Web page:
Department of Planning and Development

CONTACT INFORMATION: Our offices are open 8:00 a.m. to 4:00 p.m., Monday through Friday.
703-324-1380 TTY 711
12055 Government Center Parkway
Fairfax, VA 22035
Tracy Strunk

Noise Basics

In its simplest form, noise can be defined as undesired sound.

Measuring sound

Sound is measured by using a unit known as the “decibel" (abbreviated “dB").

  • The decibel scale is a logarithmic scale rather than a linear scale. Relative differences in sound energy and perceived loudness do not vary linearly along this scale.
  • Sound energy doubles for every 3 dB increase in level.
  • “Loudness" of sound (the subjective perception of sound by humans) is generally considered to double for every 10 dB increase in sound level. For example, a sound level of 70 dB is generally considered to be twice as loud as a sound level of 60 dB.

Human response to sound

The human response to sound is dependent on the frequency of the sound wave.

  • In general, the range of human hearing is between 20 and 20,000 Hertz (Hz, or cycles per second).
  • Within this range, the human ear is not equally sensitive to all frequencies of sound.
  • In order to approximate human response to sounds, sound levels are typically weighted to emphasize frequencies that are most audible by humans.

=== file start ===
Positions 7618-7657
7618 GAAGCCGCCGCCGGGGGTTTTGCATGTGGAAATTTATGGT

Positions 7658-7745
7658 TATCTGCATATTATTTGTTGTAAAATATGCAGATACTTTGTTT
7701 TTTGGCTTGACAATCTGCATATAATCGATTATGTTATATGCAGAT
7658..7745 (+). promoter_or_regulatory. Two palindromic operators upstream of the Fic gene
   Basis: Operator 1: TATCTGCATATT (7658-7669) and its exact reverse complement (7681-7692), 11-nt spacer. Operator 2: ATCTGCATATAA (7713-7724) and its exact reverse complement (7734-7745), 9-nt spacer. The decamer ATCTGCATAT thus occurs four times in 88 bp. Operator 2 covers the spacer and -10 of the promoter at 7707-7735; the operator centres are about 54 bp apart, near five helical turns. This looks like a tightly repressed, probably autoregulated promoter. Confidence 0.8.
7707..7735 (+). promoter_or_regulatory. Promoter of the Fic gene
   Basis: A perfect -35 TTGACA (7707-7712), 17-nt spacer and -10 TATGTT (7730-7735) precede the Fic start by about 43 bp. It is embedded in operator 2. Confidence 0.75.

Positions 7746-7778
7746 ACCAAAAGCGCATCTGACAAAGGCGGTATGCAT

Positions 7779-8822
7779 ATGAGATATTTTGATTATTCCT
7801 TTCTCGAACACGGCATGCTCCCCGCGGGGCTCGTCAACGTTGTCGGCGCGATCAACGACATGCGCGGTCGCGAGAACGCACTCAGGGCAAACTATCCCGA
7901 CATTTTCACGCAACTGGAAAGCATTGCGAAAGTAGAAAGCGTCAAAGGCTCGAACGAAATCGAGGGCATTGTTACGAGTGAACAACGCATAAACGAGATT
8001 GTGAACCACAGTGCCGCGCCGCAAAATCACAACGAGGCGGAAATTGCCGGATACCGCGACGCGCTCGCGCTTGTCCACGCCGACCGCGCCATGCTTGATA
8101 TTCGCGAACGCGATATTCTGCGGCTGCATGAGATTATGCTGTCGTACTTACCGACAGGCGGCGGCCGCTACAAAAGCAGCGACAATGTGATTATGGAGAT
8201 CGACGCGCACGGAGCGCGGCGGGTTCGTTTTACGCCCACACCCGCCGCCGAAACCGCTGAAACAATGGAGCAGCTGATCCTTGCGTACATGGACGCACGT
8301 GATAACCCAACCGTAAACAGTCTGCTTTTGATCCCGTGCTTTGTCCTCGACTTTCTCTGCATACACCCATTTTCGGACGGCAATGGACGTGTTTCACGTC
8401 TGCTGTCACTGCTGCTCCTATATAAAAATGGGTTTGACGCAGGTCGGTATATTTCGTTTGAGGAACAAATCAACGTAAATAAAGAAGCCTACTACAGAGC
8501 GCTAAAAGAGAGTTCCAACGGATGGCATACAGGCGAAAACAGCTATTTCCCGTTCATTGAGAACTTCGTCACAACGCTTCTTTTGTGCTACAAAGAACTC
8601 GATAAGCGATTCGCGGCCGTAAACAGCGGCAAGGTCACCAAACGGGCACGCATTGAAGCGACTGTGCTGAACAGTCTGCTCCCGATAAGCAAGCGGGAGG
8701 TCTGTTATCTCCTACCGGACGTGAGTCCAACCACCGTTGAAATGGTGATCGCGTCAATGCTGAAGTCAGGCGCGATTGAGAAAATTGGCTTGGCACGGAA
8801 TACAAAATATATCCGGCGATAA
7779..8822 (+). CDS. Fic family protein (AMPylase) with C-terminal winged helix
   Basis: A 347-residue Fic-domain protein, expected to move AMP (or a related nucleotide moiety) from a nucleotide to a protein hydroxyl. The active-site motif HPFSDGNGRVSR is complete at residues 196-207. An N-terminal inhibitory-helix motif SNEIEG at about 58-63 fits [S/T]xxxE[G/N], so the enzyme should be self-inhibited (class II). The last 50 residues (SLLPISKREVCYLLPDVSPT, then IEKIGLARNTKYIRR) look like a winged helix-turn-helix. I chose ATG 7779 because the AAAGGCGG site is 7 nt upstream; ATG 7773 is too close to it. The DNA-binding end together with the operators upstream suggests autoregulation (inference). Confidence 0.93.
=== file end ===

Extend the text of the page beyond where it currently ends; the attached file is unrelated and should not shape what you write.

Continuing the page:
• The “A-weighted" sound level (or dBA) approximates the sound level perceived by humans. A-weighted levels are used extensively to describe transportation related noise impacts.


Sound levels can be characterized by a number of descriptors (or “metrics"). Sound can be described in terms of average levels, maximum levels, thresholds and single-event sound exposure. There are a large number of sound metrics. The key metrics relating to Fairfax County noise policy and regulation include:

Leq or Leq(x):

Equivalent Sound Level—An average sound level over a specific period of time x (typically a 24-hour period). This metric is often applied in transportation noise analyses; the Federal Highway Administration, for example, applies peak hour Leq guidelines in its noise regulations.

DNL (or Ldn):

Day-Night Average Sound Level—An average sound level over a 24-hour period adjusted to account for the more intrusive nature of noise during nighttime hours. This metric is a refinement of the 24-hour Leq metric, with a 10 dB penalty applied to sound levels that occur between 10:00 P.M. and 7:00 A.M. Federal interagency noise guidelines apply the DNL metric; the Airport Noise Impact Overlay District of the county's Zoning Ordinance and Comprehensive Plan policy also apply the DNL metric.


Maximum Sound Level—The maximum sound level occurring within a specific period of time. The county’s Noise Ordinance (Chapter 108.1 of the County Code) establishes noise limits for stationary noise sources. In addition to frequency-specific limits, A-weighted maximum sound level requirements have been established.

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